Despite a physically worn out body come Sunday, I was mentally rejuvenated and prepared to take on another rainy Amsterdam week ahead.

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Vertically challenged in the tallest country in the World

In college, one of my friend’s boyfriends nicknamed me “squirt”.  At my last job in NYC, two of my colleagues I worked with daily were over 6 feet tall.  When I take group photos with friends, I am again reminded I am still the shortest one…despite the height of the heels I may be wearing.  On the other hand, it does come in handy as airplane seats seem to get smaller and smaller.

But when you are only 5’2” (1.57 m) and move to the country which has the tallest people on average, it’s time to digest some extra patience.   However, I’m not taking my own advice very well.

The Dutch, on average—yes AVERAGE, are 6 feet tall (1.83 m).  Recently the Dutch government adjusted building codes to increase the height of doorways. I’ve read that doors must now be 7′ 6.5″ inches (2.30 m) high.

Last summer we went to Museumplein to watch the Dutch play in the semi-finals of the World Cup.  A jumbo screen TV was set up and we arrived early to stake out a “good spot”.  We were there early enough to plop down right in front of the screen, but it didn’t seem necessary as I noticed everyone was camped out on their blankets sitting on the ground.

As soon as the game was underway, it was like a whistle blew and everyone suddenly stood up.  I thought it was just to get things going, cheer on the Dutch team, and then everyone would sit back down.  Nope.  I was dumbfounded when I realized that everyone was going to stand for the entire game.  Foolish me to think the protocol and manners would be anything similar to the Philharmonic Concerts in Central Park or Film Festivals in Bryant Park.  My unsuccessful attempt at standing on a crate only brought more frustration which led to anger which prompted pouting which called for more beer.  Luckily by half time, my (normal and tall sized) friends were annoyed as well so we walked to one of their apartments to watch the rest of the game.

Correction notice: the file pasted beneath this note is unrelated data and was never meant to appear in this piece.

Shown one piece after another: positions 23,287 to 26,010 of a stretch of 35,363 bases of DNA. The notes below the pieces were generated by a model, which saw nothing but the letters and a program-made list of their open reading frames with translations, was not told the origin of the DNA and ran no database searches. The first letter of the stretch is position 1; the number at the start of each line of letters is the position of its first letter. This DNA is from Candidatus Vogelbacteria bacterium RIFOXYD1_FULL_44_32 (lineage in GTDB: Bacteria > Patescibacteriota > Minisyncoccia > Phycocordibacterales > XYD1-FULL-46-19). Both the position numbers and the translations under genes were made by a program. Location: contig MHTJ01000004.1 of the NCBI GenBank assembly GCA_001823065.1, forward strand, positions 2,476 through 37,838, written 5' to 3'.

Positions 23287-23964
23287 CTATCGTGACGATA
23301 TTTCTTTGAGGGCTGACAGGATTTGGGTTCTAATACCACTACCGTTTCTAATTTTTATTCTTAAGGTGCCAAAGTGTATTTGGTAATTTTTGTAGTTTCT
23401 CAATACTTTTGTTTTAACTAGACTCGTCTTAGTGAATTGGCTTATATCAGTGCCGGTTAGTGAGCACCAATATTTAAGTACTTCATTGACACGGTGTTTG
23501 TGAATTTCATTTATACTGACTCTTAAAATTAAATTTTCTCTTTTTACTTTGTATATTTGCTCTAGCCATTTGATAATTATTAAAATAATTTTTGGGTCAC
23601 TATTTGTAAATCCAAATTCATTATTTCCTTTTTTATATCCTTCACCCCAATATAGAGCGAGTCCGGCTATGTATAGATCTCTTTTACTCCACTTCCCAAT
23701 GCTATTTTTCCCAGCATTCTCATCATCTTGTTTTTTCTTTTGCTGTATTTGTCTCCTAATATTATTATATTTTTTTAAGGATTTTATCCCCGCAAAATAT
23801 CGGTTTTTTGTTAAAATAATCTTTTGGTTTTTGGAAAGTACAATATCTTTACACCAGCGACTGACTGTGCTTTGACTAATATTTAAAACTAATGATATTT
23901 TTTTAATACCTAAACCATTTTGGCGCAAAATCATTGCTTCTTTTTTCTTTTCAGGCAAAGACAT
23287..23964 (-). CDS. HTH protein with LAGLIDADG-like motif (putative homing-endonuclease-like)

My view...while standing on a crate

On a daily basis, I am cursing the top shelf in our kitchen or the top shelf at the grocery.  Our kitchen is typical European with open shelves.  No cabinets or pantry.  Just open shelves for the dishes, cups, food, etc.  Sometimes my cereal (and a multitude of other things) gets shoved to the back and I can’t reach it while standing on my tip toes.  I’m left with the option to forego the cereal or climb up on the counter like a 5 year old trying to steal from the cookie jar.  Either way, the words coming out of my mouth at this hour of the morning are not pleasant.  The grocery renders the same fuss.  I usually step up on the bottom grate so I can reach what I need…all the while some 2m tall Dutch person is giggling away.

But after nearly 2 years here, I’ve come to terms with it all and have adjusted.  Until tonight…when it crossed roads with ballet.

The Grachtenfestival  has been going on this week and I had been looking forward to tonight’s performance.  While the festival is mainly a classical music event, a few of the performances this year include dance and tonight’s performance had excerpts from Swan Lake performed by The Dutch National Ballet. It began with an ensemble playing Beethoven’s Seventh Symphony.  The live music was lovely and I had a decent view.

Then they prepared the floating stage for the ballerinas and I was eagerly waiting.  The dancers placed themselves on stage, the music began…